Wotan, meanwhile, concerned that things were just not complicated enough, has randomly shagged the Earth Goddess and given birth to Brunnhilde, a Valkyrie. She tries to protect Siegmund, but is overruled by Wotan who then also kills Hunding just because he looked at him funny. Brunnhilde decides instead to leg it with Sieglinde, who is now pregnant by her brother. Yay.
Meanwhile, a bunch of Valkyries (who are supposed to collect the souls of dead warriors) go for a ride, napalming some shit and checking the prowess of the Vietnamese surfing team, before coming to rest on a mountain. Brunnhilde then turns up with a live woman, Sieglinde, which is a flagrant breach of the Rules of Valkyrieing, and thus a mightily-pissed-off Wotan punishes Brunnhilde by making her mortal (note: not in the Geordie Shore sense). But, he also agrees to let her have a snooze on a mountain top protected by magic fire. This can only be crossed by someone who knows no fear, or the Ocado delivery man.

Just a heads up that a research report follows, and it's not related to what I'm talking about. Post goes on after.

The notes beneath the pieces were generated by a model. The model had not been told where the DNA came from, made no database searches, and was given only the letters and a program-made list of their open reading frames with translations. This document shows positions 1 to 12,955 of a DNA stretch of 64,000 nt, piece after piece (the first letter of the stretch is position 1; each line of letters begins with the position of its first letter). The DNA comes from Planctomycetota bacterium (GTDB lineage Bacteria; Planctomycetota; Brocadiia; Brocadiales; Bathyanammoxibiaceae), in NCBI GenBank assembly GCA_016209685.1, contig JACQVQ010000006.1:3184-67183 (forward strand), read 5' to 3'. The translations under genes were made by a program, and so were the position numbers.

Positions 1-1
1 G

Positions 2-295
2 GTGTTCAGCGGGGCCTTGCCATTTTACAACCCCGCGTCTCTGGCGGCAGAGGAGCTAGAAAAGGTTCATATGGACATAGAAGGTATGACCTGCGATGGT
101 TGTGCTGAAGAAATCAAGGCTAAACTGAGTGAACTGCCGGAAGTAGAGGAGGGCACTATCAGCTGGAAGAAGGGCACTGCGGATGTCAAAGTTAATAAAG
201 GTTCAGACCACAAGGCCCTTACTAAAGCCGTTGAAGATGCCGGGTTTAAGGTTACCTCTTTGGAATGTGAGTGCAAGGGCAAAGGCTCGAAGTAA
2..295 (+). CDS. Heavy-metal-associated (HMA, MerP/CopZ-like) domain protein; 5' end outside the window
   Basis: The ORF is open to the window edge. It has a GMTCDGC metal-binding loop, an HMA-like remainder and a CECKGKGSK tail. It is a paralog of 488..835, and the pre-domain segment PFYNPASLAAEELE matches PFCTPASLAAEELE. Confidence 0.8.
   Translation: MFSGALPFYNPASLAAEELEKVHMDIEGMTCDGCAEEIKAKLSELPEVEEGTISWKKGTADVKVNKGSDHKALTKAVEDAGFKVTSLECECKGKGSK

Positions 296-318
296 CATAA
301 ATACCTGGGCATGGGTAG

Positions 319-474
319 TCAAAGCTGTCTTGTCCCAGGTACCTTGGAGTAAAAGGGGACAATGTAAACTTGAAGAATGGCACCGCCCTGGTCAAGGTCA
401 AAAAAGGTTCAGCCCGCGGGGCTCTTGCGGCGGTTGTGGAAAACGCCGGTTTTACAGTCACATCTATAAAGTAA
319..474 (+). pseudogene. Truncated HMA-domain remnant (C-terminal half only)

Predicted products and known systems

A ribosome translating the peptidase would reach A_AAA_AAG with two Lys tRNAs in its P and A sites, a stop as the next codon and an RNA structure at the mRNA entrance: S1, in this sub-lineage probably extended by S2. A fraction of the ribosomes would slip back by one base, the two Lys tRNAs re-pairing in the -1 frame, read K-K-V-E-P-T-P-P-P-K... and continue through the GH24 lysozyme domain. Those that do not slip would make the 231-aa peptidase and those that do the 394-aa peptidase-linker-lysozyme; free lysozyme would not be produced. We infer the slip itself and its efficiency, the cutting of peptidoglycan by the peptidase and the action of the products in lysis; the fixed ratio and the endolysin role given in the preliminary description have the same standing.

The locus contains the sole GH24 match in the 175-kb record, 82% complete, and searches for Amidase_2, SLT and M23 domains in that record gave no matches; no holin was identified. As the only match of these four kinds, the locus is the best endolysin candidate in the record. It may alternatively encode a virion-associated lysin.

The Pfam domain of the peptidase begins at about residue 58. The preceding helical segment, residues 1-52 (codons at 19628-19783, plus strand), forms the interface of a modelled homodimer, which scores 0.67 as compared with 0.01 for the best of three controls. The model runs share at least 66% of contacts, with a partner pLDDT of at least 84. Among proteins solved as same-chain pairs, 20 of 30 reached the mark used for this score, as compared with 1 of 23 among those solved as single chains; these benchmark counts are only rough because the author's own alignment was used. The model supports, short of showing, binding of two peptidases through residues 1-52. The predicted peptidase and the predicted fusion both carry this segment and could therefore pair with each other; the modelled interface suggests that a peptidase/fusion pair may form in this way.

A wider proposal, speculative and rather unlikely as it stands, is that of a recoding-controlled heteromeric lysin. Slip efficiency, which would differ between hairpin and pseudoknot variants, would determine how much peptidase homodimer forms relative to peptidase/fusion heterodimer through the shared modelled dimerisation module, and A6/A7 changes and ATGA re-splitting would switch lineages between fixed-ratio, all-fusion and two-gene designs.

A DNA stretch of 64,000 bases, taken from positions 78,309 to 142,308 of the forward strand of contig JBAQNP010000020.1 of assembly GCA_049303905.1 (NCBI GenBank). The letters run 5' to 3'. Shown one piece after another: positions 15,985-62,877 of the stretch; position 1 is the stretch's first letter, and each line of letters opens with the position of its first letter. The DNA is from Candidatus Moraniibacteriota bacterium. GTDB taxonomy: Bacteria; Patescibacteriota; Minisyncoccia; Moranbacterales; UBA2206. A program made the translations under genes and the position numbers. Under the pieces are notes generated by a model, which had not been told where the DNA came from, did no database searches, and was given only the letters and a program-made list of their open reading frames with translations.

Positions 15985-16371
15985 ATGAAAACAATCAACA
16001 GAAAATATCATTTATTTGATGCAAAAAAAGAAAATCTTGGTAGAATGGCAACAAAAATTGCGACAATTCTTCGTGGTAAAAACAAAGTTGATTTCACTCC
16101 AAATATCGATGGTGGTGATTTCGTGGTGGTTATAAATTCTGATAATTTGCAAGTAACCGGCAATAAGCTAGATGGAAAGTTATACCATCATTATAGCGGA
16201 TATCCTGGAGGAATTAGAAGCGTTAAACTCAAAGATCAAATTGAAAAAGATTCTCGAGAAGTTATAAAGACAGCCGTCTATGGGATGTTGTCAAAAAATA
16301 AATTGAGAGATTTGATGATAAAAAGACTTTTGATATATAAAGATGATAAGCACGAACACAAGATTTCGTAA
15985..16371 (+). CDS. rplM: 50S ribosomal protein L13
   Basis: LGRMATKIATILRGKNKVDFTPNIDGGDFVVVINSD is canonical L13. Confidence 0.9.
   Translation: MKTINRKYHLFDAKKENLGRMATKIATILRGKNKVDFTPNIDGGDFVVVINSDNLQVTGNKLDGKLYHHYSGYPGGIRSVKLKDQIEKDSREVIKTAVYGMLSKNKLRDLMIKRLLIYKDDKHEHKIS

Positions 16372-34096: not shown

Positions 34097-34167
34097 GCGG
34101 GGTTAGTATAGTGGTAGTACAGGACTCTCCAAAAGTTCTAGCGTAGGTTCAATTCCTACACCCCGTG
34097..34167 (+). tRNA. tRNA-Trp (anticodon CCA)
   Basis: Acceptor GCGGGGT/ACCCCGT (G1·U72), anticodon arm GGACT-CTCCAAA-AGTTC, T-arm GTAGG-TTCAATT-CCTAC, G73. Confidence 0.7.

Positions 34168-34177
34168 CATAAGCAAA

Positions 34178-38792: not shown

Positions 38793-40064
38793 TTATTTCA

Alberich has a brother, Mime, who’s also a colossal shithead. By another staggering coincidence, he’s raising a young boy called Siegfried who’s not only the child of Siegmund and Sieglinde, but also knows no fear. He’s being trained by Mime to kill Fafner who’s randomly turned himself into a dragon because why not. Siegfried goes into the forest, pretends to be a bird, luring Fafner out of his cave, and kills him.
Siegfried then takes the ring and the magic helmet, which we’ve all been missing a lot. A woodbird sings about a woman asleep on a mountain, so Siegfried decides to go and check her out. He passes through the magic fire, Brunnhilde wakes up and sings him a mindblowingly good tune which – in problematic moment for those of us who argue Wagner wasn’t a Nazi – begins with the word ‘Heil’.